DUBLIN — As if California’s cows weren’t happy already, Alameda County is developing rules on allowing the cultivation of marijuana in outlying rural areas.
At a recent public forum on the rules, where the dress code was cowboy hats and dusty boots, local farmers and ranchers expressed a host of concerns, including the impact on irrigation, safety, land use — and what would happen if livestock somehow got into a marijuana grow.
“They get high, Paul,” said another man in the audience, as the room erupted into laughter.
The cannabis talk is a new frontier for the county. The rules that are established for medical marijuana would be the foundation for allowing recreational use. With the November passage of Proposition 64, which legalized marijuana, the state has until 2018 to begin issuing retail licenses and come up with regulations related to the growing, selling and dispersal of recreational cannabis.
Alameda County’s draft ordinance on medical marijuana would allow two existing dispensary operators in good standing to apply to add cultivation to their business in the first phase of a pilot program.
Cultivation would have to be on zoned agricultural land, said the county’s assistant planning director, Liz McElligott. The county has just two dispensaries currently in unincorporated areas — Garden of Eden and We Are Hemp, both in the Hayward area.
But given that marijuana would likely be grown in greenhouses in unincorporated Alameda County, some farmers questioned if this would be a waste of agricultural land, and could instead be on industrial-zoned property.
Cattle and calf production makes up 42 percent of the county’s total agricultural production, according to the 2015 agricultural crop report. The county had about 185,000 acres of harvested crop in 2015 and produced nearly $50 million in agricultural production. Cattle sales made up $21 million of that total, according to the report. Growth of both red and white wine grapes yielded a total of $15 million in 2015.
The second phase of the pilot program would later allow two additional marijuana farm sites, not connected with existing dispensaries. According to the draft ordinance, six dispensaries would be allowed in the county, with no more than four in West County and two in East County.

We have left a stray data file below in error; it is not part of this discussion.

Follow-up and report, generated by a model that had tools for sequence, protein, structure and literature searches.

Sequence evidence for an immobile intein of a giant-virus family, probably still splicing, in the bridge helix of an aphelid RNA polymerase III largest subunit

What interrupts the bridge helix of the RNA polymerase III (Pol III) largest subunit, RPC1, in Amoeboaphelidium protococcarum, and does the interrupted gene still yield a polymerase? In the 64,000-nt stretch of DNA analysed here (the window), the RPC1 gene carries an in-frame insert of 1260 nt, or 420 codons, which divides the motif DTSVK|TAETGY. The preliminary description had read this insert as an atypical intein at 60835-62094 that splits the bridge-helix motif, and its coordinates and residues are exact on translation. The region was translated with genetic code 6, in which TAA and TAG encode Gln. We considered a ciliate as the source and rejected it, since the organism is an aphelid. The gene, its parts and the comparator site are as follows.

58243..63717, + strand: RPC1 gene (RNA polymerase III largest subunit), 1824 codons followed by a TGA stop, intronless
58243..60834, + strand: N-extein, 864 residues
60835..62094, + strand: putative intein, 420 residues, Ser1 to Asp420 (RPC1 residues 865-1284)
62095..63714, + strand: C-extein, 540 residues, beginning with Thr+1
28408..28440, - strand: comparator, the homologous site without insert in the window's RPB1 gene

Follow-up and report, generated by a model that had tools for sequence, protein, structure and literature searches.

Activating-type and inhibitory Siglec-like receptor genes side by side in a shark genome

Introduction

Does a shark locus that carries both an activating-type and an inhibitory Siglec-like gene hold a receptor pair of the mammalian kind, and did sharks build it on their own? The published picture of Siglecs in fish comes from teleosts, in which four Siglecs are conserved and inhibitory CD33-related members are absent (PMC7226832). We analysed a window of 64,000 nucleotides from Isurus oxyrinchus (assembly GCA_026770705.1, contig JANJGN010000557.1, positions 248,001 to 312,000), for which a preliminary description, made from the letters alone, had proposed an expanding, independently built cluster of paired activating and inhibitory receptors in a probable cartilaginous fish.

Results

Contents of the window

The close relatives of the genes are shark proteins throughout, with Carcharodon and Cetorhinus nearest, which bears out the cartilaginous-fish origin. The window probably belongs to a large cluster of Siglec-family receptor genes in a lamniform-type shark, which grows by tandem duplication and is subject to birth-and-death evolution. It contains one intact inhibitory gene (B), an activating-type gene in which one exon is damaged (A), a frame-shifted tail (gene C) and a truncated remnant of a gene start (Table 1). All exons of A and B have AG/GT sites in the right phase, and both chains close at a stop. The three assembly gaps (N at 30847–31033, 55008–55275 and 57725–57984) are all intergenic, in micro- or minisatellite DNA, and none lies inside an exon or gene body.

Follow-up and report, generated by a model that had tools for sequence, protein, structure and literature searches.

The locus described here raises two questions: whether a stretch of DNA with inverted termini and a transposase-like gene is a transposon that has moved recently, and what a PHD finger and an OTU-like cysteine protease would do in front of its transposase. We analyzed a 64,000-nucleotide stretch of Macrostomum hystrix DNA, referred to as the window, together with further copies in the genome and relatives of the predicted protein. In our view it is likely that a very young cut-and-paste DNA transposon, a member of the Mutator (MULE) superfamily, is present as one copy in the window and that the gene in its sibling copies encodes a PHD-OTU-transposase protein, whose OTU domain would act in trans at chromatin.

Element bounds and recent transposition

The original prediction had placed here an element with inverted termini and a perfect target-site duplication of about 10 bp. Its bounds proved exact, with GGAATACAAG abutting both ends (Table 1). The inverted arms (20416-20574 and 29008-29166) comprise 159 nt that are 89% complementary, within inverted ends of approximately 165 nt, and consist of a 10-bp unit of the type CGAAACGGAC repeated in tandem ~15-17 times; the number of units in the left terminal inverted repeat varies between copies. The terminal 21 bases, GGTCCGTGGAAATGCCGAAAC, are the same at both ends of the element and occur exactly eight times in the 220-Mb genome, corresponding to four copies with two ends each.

The revised ordinance is almost at the home stretch before it goes before the Board of Supervisors, likely in March, for approval. It’s also expected to go before the Planning Commission next month. The agriculture committee plans on giving recommendations to both the Planning Commission and Board of Supervisors on items related to the farming aspect of cannabis.
Crystal Keesey, of Eastside Environmental, who serves as a liaison between cannabis farmers and regulators, was part of a stakeholders group put together by the Board of Supervisors and staff. She told members of the county’s agricultural committee on Jan. 11 what other California counties have done so far in terms of cultivation regulation.
For example, Humboldt County registered 2,200 marijuana businesses, although 20,000 grow farms are estimated. Registration is a first step to receive state licensing, she said. Calaveras County charged $5,000 per registration, Keesey said, gathering more than $3 million for the county in revenue.
But McElligott said Alameda’s draft ordinance so far does not have anything in the works about registration of cultivation farms in the same way.
The agriculture committee meets again on Jan. 24 to discuss recommendations to give the Board of Supervisors after public input. These areas include security, water irrigation, the use and definition of greenhouses, agricultural land use, and potential specific locations within agricultural-zoned land that could be good sites for cannabis cultivation.